So Sarah Palin, the President of the United States, which was subject to repossession by China, enacted the “Word Tax” to keep the White House from going into foreclosure. Citizens living inside all city limits were taxed for both spoken and written word. This was tracked by a “Freedom Chip” which was implanted in the back of the neck. The procedure was mandatory and often performed at veterinary clinics. Only politicians and pornographers could afford to be treated by human doctors. Folks didn’t appreciate being treated like animals, but under the “New Patriot Act,” complaining was deemed a commodity, and thus taxable. Someone suffering a broken arm or stroke had to wait while, say, a guinea pig had a marble surgically removed from its anus.
The only folks that survived in the real world were the Field Dwellers. A Field Dweller was someone who lived in the country. Everyone was required to receive a Freedom Chip, but it wasn’t directly enforced. Those without Freedom Chips were considered “Persons with Non-Competencies.” The tax man could shut off your phone, internet, lights, whatever, but they didn’t come looking for you. Like most people, they were scared of the real world. Aside from bullying folks on social media, digital bank accounts or email, they were as harmless as housecats.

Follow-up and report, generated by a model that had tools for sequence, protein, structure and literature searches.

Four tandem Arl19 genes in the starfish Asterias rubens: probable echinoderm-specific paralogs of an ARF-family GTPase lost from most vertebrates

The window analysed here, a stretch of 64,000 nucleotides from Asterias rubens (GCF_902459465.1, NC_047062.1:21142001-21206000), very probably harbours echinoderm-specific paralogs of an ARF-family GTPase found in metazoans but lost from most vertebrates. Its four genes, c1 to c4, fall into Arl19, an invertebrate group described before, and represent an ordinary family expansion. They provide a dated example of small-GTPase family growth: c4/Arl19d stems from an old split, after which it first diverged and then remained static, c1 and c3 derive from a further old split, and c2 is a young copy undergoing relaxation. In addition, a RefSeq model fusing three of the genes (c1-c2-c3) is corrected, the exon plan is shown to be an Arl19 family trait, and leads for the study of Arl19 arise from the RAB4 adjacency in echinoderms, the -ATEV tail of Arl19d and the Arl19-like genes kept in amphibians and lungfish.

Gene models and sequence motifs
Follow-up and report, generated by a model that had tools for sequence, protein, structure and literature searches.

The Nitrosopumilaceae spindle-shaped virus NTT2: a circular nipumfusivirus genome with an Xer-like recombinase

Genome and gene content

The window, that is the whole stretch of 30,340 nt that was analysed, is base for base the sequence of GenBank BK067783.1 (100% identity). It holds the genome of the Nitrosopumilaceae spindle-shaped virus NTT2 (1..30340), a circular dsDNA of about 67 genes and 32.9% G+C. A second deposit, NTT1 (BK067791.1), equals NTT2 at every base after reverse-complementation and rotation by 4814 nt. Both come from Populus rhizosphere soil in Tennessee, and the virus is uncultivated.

Technology helped us think beyond our brains, but the information slowly dried up. “Selectively cleansed,” claimed the government, but that didn’t keep folks from depending on it.

My days, I decided, were numbered. After receiving the letter from Brigadoon Animal Hospital informing me of my Freedom Chip appointment, I left town. After packing a suitcase, I drove South using back-country roads and spent the night in my car. The next morning, I remembered something from my childhood: a trailer colony in the middle of a dirt farm. Growing up, our family used to pass it when we took the short cut to Raleigh. I’d look out the window of our Chevy Blazer, surrounded by soy bean and cotton fields, before coming to the cross roads. For someone who grew up on the beach, out there seemed like the most remote place in the world. The stop sign was peppered with bullets. My dad didn’t even brake—he just raised his arms and yelled “rolling stop” as we blew right through it.